Concussion

A concussion is a blow or jolt to the head that can change the way your brain normally works. Also called a mild traumatic brain injury, a concussion can result from a car crash, a sports injury, or from a seemingly innocuous fall. Concussion recovery times can vary greatly. Most people who sustain a concussion or mild TBI are back to normal by three months or sooner. But others have long-term problems remembering things and concentration. Accidents can be so minor that neither doctor nor patient makes the connection.

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What Exactly Happens After a Concussion?

What Exactly Happens After a Concussion?
What happens to the brain after a concussion? It's a little hard to answer because, as you know, people don't die from a concussion, so we don't have necessarily brain tissue to analyze. But there are many papers that speculate that there's a mismatch between the oxygen or the fuel supply to the brain after it is injured. You can have everything from cell death of the neurons--the brain cells-- to just malfunction of the brain cells. The connections between the brain cells don't work as well. This is our working hypothesis. That's why it seems transient. It appears reversible. And then it may explain why some people get better faster than others, and others have long-term consequences. We think we know what's happening, but again, because people don't--thank God-- don't expire right away from this, we're just guessing. One of the biggest problems we deal with is, we don't have a quick test to talk about concussion. A concussion just means simply, the violent shaking of the brain. It would be nice to get a blood test that says, oh, you've had a concussion, you haven't. Right now, we make the diagnosis of concussion based on the symptoms. If we witness somebody's head hitting another head, hitting the ground, hitting an object-- as we see in sports or in the military-- or a blast, a wave comes and hits your head, we call that a concussion. The symptoms that people get from this are headaches, cognitive problems, malaise-- a whole host of symptoms. So, there is no good blood test. Similarly, there is no blood test for chronic traumatic encephalopathy. The thought is that there is an increase in something called beta-tau protein or beta-tauopathy in these brains. Having said that, this is a rapidly evolving field. In just the last few months, there was an article out which showed that beta-tau is also found in normal brains. So, now it's very confusing. Is this different in traumatic brains versus the controlled, normal brains? We don't know the answer. I think we're going to hear a lot more interesting results. As you know, Boston University received a grant from the NFL of about a million dollars to study this subject. They're doing autopsies on athletes, and there's a brain bank there where athletes can donate their brains-- or they can donate them to the NFL-- and they will have other neuropathologists who look at autopsied brains to determine what the changes are. There are a lot more questions than there are answers. We don't have a good blood test. We don't even have a good test other than a standard neurologic exam. And interesting that you asked because the NFL just came out this year-- our team of doctors that consults for the NFL-- a team of academicians basically came up with an NFL sidelines exam to standardize the exams that are performed on the players before the season starts and then once they are concussed, so that we can make a good determination on the sidelines. Did this player have a concussion, and he has to be removed from the game, or did he not have a concussion, and he can go back to play.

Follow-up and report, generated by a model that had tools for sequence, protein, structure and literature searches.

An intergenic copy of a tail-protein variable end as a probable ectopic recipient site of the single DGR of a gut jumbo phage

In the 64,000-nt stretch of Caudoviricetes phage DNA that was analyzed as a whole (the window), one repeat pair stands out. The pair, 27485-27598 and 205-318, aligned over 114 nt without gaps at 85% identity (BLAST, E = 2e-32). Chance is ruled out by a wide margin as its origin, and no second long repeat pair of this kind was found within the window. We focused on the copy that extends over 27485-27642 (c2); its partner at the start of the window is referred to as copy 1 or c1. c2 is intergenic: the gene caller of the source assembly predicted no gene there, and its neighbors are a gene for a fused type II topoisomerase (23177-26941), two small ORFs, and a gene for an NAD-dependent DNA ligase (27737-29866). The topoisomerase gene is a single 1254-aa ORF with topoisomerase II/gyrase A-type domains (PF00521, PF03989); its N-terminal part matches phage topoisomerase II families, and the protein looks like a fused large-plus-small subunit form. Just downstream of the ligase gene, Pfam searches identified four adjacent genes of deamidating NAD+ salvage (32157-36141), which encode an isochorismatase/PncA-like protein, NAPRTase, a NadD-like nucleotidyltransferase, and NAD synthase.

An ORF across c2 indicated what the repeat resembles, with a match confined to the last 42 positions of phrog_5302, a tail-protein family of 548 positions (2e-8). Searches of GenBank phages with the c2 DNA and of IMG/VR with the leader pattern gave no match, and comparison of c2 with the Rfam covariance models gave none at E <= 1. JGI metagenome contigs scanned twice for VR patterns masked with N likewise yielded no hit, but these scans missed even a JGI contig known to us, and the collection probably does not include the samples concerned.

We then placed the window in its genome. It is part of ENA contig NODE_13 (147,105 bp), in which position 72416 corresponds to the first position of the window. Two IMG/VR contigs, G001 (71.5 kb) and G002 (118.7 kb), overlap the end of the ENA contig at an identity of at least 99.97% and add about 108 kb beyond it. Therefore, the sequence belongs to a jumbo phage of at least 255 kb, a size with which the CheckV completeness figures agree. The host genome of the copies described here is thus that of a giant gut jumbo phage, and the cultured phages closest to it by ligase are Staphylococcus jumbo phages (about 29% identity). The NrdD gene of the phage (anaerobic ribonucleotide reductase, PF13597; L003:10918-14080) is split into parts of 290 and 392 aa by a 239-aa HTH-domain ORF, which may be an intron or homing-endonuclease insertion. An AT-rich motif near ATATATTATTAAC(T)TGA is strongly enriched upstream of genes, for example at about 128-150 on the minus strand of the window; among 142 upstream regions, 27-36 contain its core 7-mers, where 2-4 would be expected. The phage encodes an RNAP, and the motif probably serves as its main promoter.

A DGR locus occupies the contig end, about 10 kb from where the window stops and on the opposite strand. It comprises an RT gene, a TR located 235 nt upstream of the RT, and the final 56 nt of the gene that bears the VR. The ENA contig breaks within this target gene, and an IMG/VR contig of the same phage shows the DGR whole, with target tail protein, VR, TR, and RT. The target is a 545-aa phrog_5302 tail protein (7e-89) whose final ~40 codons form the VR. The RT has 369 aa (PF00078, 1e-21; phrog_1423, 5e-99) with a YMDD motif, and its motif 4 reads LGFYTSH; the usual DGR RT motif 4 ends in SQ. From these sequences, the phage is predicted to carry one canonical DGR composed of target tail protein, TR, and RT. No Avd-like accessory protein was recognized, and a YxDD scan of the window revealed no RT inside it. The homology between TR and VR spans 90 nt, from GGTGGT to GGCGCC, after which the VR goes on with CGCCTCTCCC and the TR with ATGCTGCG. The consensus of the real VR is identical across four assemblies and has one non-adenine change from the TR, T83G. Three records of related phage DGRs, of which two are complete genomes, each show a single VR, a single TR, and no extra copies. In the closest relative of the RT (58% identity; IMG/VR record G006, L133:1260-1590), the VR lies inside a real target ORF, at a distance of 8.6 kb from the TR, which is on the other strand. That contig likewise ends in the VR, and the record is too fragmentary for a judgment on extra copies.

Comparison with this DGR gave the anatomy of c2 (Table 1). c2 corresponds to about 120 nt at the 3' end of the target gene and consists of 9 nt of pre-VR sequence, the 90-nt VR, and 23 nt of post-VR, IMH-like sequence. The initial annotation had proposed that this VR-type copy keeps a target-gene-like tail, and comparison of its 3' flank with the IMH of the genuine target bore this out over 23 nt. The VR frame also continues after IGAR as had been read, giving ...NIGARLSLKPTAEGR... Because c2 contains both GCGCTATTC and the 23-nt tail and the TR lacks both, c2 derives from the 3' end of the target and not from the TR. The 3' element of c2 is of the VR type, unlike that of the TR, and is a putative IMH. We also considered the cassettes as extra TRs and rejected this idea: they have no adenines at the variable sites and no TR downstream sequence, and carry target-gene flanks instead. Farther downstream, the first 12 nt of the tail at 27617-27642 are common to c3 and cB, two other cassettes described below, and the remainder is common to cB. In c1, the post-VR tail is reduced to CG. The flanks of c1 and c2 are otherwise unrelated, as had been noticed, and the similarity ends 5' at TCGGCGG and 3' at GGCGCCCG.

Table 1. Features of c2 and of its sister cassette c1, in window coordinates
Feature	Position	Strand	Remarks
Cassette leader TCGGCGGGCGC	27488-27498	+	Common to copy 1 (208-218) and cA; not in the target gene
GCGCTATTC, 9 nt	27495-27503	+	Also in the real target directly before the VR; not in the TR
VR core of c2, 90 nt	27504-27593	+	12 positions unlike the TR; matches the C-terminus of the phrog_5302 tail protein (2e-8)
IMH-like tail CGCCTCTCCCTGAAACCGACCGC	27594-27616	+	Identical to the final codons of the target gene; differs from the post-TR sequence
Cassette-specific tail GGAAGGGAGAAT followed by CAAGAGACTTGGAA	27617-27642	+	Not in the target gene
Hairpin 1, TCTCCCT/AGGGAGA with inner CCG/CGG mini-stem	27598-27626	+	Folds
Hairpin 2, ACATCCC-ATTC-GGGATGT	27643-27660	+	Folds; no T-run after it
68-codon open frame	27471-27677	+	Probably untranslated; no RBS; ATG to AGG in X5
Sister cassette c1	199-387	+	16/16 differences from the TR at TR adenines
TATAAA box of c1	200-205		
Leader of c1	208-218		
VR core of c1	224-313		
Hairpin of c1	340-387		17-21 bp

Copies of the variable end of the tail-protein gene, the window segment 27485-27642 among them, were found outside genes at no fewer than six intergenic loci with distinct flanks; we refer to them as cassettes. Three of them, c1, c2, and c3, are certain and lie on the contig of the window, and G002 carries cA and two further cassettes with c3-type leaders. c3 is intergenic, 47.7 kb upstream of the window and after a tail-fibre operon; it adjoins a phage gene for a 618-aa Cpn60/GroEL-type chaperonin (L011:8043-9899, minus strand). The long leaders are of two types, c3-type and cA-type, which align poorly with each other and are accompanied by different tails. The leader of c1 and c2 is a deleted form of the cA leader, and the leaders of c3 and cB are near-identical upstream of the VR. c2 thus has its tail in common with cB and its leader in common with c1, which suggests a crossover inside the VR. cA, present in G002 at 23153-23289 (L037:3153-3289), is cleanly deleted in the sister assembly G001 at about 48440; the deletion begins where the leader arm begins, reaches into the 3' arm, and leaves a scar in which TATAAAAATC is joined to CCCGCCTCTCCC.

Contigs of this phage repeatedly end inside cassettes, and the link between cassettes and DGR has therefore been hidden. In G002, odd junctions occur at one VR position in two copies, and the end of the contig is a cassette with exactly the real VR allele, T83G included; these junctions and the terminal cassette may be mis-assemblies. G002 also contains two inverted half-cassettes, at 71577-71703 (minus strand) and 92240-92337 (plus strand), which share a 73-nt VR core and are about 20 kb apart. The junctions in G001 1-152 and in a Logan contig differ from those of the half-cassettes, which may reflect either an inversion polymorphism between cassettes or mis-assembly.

Advice for Parents: What To Do If Your Child Sustains a Concussion

Advice for Parents: What To Do If Your Child Sustains a Concussion
[Dr. Robert Cantu] Well I think if there are medical personnel there that obviously the medical personnel should be responsible for those issues, but if you're at a youth contest, and there are no medical personnel there, possibly there's somebody better qualified to assess things, but from a parent standpoint what I really want the parent to be is engaged, to be aware that they're not expected to be a doctor, they're not expected to make a diagnosis of concussion. But if they see a pretty big hit, if they see their child getting up very slowly, if their child seems to be stunned by it, or their balance seems to be off, the safe thing to do is to have the individual come out of the contest and not go back in. If they have symptoms that develop subsequently then it becomes a matter based on the number and severity whether you have a doctor check the child out. Certainly if post-concussion symptoms are worsening, that checking out should be sooner rather than later. If the symptoms are a headache that's the worst you have ever had in your life, and it's violent, especially if you have any nausea or vomiting associated with it, I'd say take the child to the accident floor and just make sure that they're not having an evolving blood clot. On the other hand, if the symptoms are some mild difficulty with memory, with thought or some lightheadedness or some ringing in the ears, as the long as the symptoms aren't getting worse you might sit tight on them and just simply observe the child for a period of time. But if the symptoms don't go away, and if the symptoms get worse, that's when for sure you want to have medical personnel that can diagnosis concussion and other intracranial problems see your child.

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